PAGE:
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Established couple Gary (Vince Vaughn) and Brooke (Jennifer Aniston) are opposites in every way. He hosts bus tours of Chicago, revels in watching the baseball or playing video games, while she is an art dealer immaculately dressed with a penchant for perfection. After a family dinner, a row explodes and they decide to call off their relationship. But neither wants to leave their well appointed apartment and they become hostile roommates, hoping the other will cave in.

Review by Louise Keller:
Lacking the bite that gave War of the Roses its thorns, The Break-Up is an extended sit-com played for laughs, with little to redeem itself. The two central characters are not the only ones who wish things had been different. I, for one, would have liked to laugh. Or cry. Or at least be entertained. The filmmakers seem to be trying so hard to milk every scenario, that we don't believe any of it: the relationship between Vince Vaughn and Jennifer Aniston; the emotional devastation, the ludicrous one upmanship tactics. The script (from Jeremy Garelick) is much to blame, although Vaughn who contributed to the storyline and produced the film, should have seen the writing on the wall. It reads Humpty Dumpty.

If the appeal of this anti-romantic comedy is to see what on-screen chemistry exists between Vaughn and Aniston after the media saturation about their off-screen relationship, don't bother. There are no sparks. Just animated banter. Aniston fares well, in both dramatic and comedic areas, but as a Vaughn fan since Swingers in 1996, when he first teamed with Jon Favreau, I was disappointed. Almost every scene is overplayed and at times it feels as though he is spruiking his stand-up routine. His best moment comes as he plays straight man to Favreau's tough-guy mate Johnny O, when everything he says is absolutely misunderstood. Judy Davis adds a lively spark as the arty gallery owner, who gives Brooke some relationship tips that include a complimentary waxing session called The Telly Savalas. Who loves you baby... yes, indeed!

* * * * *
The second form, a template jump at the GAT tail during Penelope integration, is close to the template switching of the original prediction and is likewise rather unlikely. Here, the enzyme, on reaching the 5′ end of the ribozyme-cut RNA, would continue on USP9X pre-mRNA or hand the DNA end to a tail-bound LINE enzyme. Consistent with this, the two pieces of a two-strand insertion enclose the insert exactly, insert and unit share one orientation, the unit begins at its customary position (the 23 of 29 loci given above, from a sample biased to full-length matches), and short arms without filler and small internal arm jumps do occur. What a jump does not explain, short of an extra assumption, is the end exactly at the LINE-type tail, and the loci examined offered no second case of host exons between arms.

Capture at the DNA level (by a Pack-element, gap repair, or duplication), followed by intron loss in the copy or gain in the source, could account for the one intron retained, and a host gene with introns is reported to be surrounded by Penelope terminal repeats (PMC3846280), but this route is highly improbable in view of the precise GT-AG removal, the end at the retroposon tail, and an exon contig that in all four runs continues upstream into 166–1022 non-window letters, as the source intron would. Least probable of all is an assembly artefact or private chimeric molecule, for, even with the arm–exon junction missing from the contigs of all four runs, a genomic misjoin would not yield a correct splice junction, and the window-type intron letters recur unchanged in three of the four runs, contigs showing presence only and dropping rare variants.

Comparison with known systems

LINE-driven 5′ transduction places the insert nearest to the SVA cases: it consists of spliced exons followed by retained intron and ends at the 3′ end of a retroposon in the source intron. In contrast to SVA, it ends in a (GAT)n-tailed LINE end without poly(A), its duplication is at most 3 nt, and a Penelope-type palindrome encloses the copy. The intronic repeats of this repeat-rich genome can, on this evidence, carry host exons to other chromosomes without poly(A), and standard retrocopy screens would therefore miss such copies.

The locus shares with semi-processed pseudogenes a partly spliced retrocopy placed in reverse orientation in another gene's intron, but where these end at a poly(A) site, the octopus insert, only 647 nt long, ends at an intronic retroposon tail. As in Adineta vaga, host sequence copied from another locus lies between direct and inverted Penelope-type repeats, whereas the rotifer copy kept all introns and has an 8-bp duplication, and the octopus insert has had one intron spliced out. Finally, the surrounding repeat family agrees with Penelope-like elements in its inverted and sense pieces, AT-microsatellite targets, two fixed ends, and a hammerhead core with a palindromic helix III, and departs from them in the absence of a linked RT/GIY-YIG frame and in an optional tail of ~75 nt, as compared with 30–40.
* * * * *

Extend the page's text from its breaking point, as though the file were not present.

There are some good ideas in the lead-up to the break-up, which comes after a row that follows a family dinner that goes downhill. It starts with the lemons Gary forgot to buy, the pool-table Brooke wouldn't let Gary have. Then it goes into those small issues that are really big issues, like helping with the dishes, not buying flowers or tickets to the ballet, going to the baseball... The actual dinner itself is not as funny as it should be, and the running gag about the a capella singing group, The Tone-Rangers falls flat. If the script concentrated a little harder on Gary and Brooke's emotional response to the break-up instead of developing ludicrous tactics to keep their little bit of space in their jointly owned condo, we might be more sympathetic. As it is, I couldn't wait for The End.

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(US, 2006)

CAST: Jennifer Aniston, Vince Vaughn, Judy Davis, Joey Lauren Adams, Ann-Margret, Vincent D'Onofrio, Jon Favreau, Cole Hauser

PRODUCER: Vince Vaughn

DIRECTOR: Peyton Reed

SCRIPT: Jeremy Garelick, (story by Vince Vaughn, Jeremy Garelick, Jay Lavender)


EDITOR: David Rosenbloom


RUNNING TIME: 105 minutes

AUSTRALIAN DISTRIBUTOR: United International Pictures


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